Law School Transparency this morning sent this letter to the deans of all ABA-approved law schools requesting that they provide detailed employment information for the class of 2010:
Our goal is to provide thorough and comparable employment information to prospective law students. While some law schools are improving the quality of information they share, it is critical that people be able to compare law schools through a standardized presentation standard.
It is true that the ABA Section of Legal Education and Admissions to the Bar has taken important first steps towards reducing the provision of misleading information by law schools. However, these steps have failed to include critical information about the class of 2010, including the rate of graduates employed in legal jobs and the rate of graduates employed in full-time jobs. The section underestimated how prospective law students, pundits, and elected officials would react, despite mounting evidence of widespread consumer-disoriented behavior at law schools and within the section.
We hope that schools share our sense of urgency and help us put comparable employment information into the hands of consumers.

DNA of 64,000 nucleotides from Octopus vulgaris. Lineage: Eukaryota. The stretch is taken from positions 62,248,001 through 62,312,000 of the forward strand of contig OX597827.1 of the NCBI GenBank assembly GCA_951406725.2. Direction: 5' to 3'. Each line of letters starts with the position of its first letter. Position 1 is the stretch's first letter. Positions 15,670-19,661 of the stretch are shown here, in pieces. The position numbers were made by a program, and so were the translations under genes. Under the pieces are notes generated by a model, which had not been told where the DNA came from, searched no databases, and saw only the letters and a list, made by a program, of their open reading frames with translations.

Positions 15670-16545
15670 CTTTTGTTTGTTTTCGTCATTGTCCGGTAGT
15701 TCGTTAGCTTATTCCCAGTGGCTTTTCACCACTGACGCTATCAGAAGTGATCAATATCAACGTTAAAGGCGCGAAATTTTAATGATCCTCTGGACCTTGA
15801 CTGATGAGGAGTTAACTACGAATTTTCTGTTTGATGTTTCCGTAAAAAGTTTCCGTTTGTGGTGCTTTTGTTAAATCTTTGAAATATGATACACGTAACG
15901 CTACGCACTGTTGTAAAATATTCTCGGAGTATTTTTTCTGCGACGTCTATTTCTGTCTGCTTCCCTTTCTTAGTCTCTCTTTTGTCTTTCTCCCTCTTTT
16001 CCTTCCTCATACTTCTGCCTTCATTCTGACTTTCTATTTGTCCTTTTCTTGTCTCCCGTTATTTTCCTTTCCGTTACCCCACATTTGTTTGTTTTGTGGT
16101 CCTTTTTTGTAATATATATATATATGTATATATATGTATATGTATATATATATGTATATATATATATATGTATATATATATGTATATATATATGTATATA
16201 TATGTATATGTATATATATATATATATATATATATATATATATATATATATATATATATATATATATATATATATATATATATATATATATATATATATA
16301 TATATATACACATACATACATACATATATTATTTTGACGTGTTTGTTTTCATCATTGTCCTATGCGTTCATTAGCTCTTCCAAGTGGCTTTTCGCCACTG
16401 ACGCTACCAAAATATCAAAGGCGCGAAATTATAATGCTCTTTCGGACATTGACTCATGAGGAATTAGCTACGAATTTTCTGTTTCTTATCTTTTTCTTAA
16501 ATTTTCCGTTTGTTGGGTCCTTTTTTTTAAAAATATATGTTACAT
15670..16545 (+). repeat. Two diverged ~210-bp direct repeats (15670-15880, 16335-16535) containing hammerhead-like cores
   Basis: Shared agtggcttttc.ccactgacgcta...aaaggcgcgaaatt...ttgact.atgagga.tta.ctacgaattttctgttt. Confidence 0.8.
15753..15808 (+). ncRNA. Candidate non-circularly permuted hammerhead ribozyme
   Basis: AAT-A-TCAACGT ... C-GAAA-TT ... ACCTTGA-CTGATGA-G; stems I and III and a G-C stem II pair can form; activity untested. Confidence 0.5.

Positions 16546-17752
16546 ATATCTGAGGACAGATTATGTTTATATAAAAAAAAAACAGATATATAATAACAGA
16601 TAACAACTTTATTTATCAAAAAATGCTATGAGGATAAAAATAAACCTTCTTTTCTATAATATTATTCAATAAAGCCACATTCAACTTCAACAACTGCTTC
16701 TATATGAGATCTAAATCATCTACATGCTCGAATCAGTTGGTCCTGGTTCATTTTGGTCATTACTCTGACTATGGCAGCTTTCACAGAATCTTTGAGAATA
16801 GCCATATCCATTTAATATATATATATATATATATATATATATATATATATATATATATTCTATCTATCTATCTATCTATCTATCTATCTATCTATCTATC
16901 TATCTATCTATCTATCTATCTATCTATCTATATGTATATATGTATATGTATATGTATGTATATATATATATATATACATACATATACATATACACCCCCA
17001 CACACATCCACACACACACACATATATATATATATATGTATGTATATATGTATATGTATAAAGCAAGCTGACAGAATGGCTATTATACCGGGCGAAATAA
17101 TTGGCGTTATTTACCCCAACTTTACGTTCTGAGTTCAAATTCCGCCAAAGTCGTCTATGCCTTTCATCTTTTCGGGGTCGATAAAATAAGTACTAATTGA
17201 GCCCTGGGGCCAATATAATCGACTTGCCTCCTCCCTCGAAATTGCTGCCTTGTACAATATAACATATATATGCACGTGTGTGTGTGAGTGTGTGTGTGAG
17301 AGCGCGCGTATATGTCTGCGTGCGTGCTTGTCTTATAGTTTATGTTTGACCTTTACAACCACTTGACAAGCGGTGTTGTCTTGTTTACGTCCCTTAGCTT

Above the Law reports today that Chicago and Yale have released detailed employment data on the Classes of 2008-2010:
But will other law schools join Chicago and Yale in providing such in-depth reporting on graduate employment outcomes? That’s the $64,000 — or $150,000, given the cost of law school these days — question.
For schools that consider themselves to be peers or competitors of Yale and Chicago, this is a no-brainer: they should report graduate job data in at least as detailed and as granular a fashion. If they don’t, students choosing between them and schools like Yale and Chicago should feel free to draw an adverse inference from silence. It’s fair for a prospective law student to ask, “You say your graduates do so well in the job market; why aren’t you willing to give me the data to support your claims?”
The far more difficult problem is getting schools a bit farther down in the rankings to report at this level. But as we know from, say, the Biglaw bonus market, the legal profession is marked by a considerable amount of lemming-like behavior in pursuit of prestige. Why can’t this (completely human and understandable) desire to swim with the big fish, which works so effectively in the law firm compensation market, be harnessed in service of law school transparency?
To the deans of top 15 — or top 25, or top 50, or top 100 — law schools: Yale and Chicago can handle the truth. Can your school?
Update: Davi Yellen (Dean, Loyola-Chicago):
Regarding your posts today, I think its great that Chicago and Yale are doing this. But I just wanted to mention that we have been posting similar data for a couple of years now. Our data is a bit more complete in terms of showing salary ranges within each type of law firm. A number of other schools have also been doing similar things. The good news is that all of these schools are doing more or less what the ABA is likely to soon require of all schools, without any real difficulty.